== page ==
3 Ways to Cross Borders Better in Africa

In 2022 alone we made 36 border crossings on our adventures from South Africa through Namibia, Botswana, Zambia, Malawi, Mozambique, Tanzania, Kenya, Uganda and Rwanda. Some of these were easy, simple, and fast, but others took up to four hours and some dollars to get through!

Approaching a border always induces a bit of anxiety. How long will this take? Are we going to have to deal with a recalcitrant/bored/corrupt official? 

I always try to keep in mind the three P’s for smooth crossings.

1. Paperwork

For yourself: Your passport needs to be valid for six months after your planned exit. You will also need details on where you’ll be staying: a street address, contact number, name. Remember to check your visa requirements at least a month before you arrive at the border. Most African countries are moving to pre-approved e-visas. While some, like Kenya, are very efficient, other countries can be frustratingly slow, like Malawi.

For the bike: You will need the original registration certificate, or a letter of authority if the rider is not the owner of the bike. A Carnet de Passage can be useful, but not always necessary. A police clearance document is also helpful, but in our experience not always necessary.

2. Pennies

Some borders have ATMs for local currency, but don’t bank on it (pun intended). There will always be local money changers around. Whilst it is a good idea to find out the official exchange rate before you engage with them, in my experience they know the official rates and what the competition is offering and usually offer reasonable rates. It’s good to ask around to get the best offer. Don’t worry about trying to find the changers, they will spot you coming well before you arrive.

Stock up on cash before you arrive so you can exchange for the next country’s currency.

Countries such as Malawi accept only USD cash for things like Carbon Tax, so try and have some new, undamaged 10/20/50 USD notes.

Visas at the border are usually $50 and some take cash only.  

3. Patience

Border officials have no place to go, and all day to be there. I sometimes think it must be a soul-crushing job done by those who can’t find anything better. In my experience, the person behind the desk is usually friendly and helpful. Sometimes though, they aren’t. 

You, on the other hand, have a destination to reach and money to save. If you’re expecting to sail through in five minutes, it can be hard to remain patient. And losing your patience never, ever helps. 

So, manage your expectations. For some borders I plan on spending three or more hours there. If we get through quicker then that’s great. If we have a border crossing to do, I plan a simple travel day with a short distance to our destination. For new borders, I’ve learned to expect a tortuous procedure, and allow myself to be pleasantly surprised when it’s not.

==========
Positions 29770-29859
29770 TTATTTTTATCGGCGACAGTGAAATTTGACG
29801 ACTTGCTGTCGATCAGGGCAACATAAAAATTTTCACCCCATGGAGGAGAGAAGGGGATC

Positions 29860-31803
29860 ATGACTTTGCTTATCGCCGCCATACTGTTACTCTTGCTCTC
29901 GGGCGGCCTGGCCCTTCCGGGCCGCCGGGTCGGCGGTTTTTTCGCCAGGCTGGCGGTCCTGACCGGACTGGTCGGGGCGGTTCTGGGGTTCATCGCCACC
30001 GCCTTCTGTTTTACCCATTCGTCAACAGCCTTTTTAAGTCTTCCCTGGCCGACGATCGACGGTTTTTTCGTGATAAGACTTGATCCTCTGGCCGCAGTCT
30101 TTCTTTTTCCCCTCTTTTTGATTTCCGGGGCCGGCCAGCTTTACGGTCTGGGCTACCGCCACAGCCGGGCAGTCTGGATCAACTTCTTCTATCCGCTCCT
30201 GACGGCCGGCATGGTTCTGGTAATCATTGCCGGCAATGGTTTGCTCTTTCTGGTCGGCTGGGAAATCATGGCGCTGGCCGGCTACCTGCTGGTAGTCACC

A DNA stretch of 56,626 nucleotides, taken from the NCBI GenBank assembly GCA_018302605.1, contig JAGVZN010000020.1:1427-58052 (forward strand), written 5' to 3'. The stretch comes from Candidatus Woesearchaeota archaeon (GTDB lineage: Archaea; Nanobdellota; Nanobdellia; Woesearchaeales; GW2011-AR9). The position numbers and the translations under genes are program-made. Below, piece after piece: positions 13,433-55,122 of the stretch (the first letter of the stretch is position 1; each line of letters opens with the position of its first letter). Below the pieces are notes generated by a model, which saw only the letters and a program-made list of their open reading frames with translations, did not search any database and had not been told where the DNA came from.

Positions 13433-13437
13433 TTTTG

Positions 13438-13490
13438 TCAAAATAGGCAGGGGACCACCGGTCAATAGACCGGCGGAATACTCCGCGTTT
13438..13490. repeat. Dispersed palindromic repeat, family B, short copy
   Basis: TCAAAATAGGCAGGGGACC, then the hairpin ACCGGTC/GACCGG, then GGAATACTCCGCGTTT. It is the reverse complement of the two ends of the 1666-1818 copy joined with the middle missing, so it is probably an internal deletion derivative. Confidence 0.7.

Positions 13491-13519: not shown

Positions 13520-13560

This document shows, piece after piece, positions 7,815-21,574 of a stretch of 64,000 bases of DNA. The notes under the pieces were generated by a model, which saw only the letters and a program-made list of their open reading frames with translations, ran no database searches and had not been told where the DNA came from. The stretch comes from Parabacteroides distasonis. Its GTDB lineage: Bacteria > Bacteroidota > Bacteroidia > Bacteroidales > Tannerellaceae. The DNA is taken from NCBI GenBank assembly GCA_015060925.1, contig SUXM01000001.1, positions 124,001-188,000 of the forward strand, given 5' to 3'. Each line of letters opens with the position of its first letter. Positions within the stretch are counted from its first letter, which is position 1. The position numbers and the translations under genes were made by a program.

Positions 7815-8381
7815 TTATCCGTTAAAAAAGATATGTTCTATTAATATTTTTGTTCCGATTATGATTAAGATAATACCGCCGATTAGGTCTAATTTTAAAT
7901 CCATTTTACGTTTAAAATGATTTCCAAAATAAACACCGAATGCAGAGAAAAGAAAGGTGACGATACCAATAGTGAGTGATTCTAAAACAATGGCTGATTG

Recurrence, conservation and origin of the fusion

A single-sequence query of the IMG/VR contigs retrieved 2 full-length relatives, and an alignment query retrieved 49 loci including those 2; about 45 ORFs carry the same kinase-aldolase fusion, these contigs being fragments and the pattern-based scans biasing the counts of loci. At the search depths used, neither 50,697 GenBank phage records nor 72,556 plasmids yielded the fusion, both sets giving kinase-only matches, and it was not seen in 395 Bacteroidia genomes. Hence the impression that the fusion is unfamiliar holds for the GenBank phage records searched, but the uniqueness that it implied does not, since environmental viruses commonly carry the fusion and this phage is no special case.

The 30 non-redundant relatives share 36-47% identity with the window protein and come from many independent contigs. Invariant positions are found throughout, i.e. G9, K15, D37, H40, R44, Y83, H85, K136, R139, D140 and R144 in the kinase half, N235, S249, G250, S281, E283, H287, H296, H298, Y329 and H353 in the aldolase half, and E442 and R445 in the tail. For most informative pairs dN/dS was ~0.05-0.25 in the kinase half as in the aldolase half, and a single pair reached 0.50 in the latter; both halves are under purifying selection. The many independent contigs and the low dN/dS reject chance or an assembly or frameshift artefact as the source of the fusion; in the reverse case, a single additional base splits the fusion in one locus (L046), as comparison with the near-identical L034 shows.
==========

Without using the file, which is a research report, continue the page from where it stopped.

Always be friendly. See if you can get a smile from the person dealing with you. Ask for clarification and be prepared to comply with their procedures – and they can be crazy, like having to walk to a bank, queue and fill in deposit slips to pay your Road Access Fee. 

The thud of the entry stamp on your passport or import document at the end of the process is just the sweetest sound. And the sense of adventure as you ride into a whole new country is worth all the preparation and friendliness you can summon.

Dealing with Agents
At most borders you’ll be approached by ‘agents’ offering their services to guide you through the process. While this can make navigating a seemingly chaotic border post easier it’s almost always possible to navigate your way by asking where to go. If you do agree to an agent’s help make sure you agree on their fee up front.

Here's a bit of information on some of the borders we've crossed in 2022

Namibia to Zambia at Katima Mulilo / Sesheke
Watch out for: crowds of people, hustlers, 'agents', money changers. The process to enter Zambia is tortuous especially if you have one or more vehicles. 
If you're heading east towards Livingstone the road is in very poor condition (March 2022) 40km east of Sesheke for about 160km. Large potholes and eroded surface.

Botswana to Zambia at Kazangula
Much better option to enter Zambia from the south. The new bridge has been commissioned and there's a well-run central building with both border posts inside. ATM available for local cash

Zambia to Malawi at Chipata / Mchinji
Be ready for lots of 'agents', money changers, sim card dealers to greet you. Make sure you have your e-visa ready if your home country is on their list. No ATM around so have local / USD cash with you.

Malawi to Tanzania at Songwe
Be ready for 'agents', money changers, sim card dealers to greet you. Entering Tanzania is pleasantly easy, officials were friendly and helpful. 

Tanzania to/from Kenya at Namanga
A smooth, relatively well-run operation in a single building. You're likely to have all your bags X-rayed entering Tanzania. Carnet de Passage is essential to enter Kenya. 

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